Metro rail companies look for alternative earning avenues, monetising assets
Kolkata, March 13 (IANS) In order to make metro projects across the cities financially viable, metro rail companies are looking to reduce their costs or exploring alternative revenue stream and at the same time, some are monetising their assets to raise funds, officials said on Tuesday.
Delhi Metro Rail Corporation (DMRC) Managing Director Mangu Singh said the cost has been brought down to bare minimum and its project cost was lower than that of Kualalumpur’s and Dhaka.
DMRC has signed an agreement with Madhya Pradesh to procure 150 MW of solar power which will fuel its auxiliary power requirements and also reduce power cost, he said.
The corporation is also advising for other metro railway projects in India and Singh wanted to keep the consultancy focus on India at least in the near term.
“We are not going outside (for consultancy) since we have lots to do in India as metros are coming in many cities in India. But in terms of cost, Delhi Metro cost can be benchmarked,” Singh said at an event on Mass Rapid Transportation Systems organised by the Indian Finance Ministry, the Asian Infrastructure and Investment Bank, and the Research and Information System in collaboration with Assocham.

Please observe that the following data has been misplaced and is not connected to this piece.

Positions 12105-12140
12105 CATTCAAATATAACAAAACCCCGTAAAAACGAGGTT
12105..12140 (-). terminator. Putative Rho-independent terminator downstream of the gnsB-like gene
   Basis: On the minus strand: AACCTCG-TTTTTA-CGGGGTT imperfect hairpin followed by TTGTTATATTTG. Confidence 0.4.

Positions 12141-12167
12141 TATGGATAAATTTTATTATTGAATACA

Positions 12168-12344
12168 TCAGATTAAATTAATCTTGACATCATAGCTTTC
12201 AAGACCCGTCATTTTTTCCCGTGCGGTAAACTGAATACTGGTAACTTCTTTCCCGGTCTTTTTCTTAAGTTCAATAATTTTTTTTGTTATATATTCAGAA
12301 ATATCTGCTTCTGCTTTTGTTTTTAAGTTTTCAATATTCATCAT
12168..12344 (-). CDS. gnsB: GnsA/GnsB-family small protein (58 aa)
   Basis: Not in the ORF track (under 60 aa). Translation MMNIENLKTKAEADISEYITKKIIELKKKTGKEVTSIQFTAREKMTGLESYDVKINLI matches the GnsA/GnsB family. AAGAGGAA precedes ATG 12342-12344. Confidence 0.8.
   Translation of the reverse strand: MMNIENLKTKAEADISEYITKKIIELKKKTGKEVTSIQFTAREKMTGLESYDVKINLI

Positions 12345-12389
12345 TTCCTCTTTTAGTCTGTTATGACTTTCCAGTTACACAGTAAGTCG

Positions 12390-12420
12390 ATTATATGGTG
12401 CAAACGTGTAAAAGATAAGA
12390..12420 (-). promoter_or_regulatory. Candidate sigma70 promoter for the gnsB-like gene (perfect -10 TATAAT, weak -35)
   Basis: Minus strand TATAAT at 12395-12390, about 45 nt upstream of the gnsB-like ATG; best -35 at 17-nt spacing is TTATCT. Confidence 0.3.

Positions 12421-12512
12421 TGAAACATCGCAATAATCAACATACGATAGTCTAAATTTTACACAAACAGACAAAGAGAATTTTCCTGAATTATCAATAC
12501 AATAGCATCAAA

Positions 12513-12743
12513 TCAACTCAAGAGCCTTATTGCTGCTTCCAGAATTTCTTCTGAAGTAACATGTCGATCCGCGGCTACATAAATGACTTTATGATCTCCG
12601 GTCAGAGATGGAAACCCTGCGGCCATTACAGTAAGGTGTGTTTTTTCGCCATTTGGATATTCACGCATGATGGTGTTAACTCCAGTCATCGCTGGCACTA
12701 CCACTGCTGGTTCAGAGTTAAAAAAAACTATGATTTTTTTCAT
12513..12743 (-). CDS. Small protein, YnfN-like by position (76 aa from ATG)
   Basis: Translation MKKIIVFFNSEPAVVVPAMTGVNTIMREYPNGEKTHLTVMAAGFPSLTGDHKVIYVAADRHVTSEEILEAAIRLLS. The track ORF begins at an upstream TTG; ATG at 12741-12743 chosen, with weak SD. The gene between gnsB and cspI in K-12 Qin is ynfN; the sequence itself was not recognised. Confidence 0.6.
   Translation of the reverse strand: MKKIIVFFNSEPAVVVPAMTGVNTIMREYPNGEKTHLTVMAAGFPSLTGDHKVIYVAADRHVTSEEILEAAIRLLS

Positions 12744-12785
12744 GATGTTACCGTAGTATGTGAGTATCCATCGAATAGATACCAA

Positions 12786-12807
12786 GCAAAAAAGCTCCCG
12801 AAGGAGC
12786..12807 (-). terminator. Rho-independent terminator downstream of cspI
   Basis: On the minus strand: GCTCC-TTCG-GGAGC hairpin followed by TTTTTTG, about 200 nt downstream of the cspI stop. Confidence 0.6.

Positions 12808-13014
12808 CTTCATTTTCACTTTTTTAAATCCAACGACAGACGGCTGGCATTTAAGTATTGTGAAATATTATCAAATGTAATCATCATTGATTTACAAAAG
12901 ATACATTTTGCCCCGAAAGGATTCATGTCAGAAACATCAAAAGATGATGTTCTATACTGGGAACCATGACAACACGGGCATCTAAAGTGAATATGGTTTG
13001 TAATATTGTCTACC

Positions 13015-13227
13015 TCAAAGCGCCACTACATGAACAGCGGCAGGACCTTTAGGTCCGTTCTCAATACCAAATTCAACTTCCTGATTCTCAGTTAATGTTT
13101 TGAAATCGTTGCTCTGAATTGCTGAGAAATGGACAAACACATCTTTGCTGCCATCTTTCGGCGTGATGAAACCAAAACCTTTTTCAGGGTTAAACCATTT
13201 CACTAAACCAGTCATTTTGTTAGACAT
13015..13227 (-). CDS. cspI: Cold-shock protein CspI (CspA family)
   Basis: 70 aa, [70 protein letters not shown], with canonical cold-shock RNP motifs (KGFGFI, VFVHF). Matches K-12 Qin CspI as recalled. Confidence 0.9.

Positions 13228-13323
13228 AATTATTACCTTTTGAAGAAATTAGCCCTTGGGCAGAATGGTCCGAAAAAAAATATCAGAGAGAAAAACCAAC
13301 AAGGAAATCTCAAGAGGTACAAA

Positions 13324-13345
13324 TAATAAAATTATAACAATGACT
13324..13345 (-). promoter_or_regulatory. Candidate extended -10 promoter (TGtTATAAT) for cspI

For another example, Bangalore Metro Rail Corporation (BMRCL) has opted method of monetising its assets for raising funds for the 17 km long outer ring metro project worth Rs 4,200 crore.
BMRCL’s Executive Director Deepa Kotnis said it signed an MoU with computer hardware major Intel under which “naming rights” of stations would be provided along with 3,000 square feet commercial space, 1,000 square feet advertising space and the corporation is expected to get Rs 100 crore from this arrangement.
“We are in talks to realtors, hoteliers and IT companies with similar proposals. Talks with different companies are in the different stage. We are trying to monetise our space to the extent possible,” she said.
Air India’s Chairman and Managing Director Pradeep Singh Kharola, who had served as Managing Director of Bangalore Metro Rail Corporation Ltd, advocated that design of urban mobility should consider all the transporting modes including metro rail, bus, auto, taxi and others.
He also urged for integration of different modes transport in cities.
Elaborating on how urban mobility provides economic strength of the cities and brings cities’ economic efficiency, he said these projects are capital intensive and costs of these projects are mostly met through long term debts, mostly from the government.
According to him, metro rail services are seven times energy efficient than buses and it is “viable”.
“The biggest problem of metro projects is huge capital cost. How can we finance the project so that capital costs are brought down and spread over longer period of time? Can we leverage the increase in value of properties through which metro passes? This requires changes in legal paradigm,” Kharola said.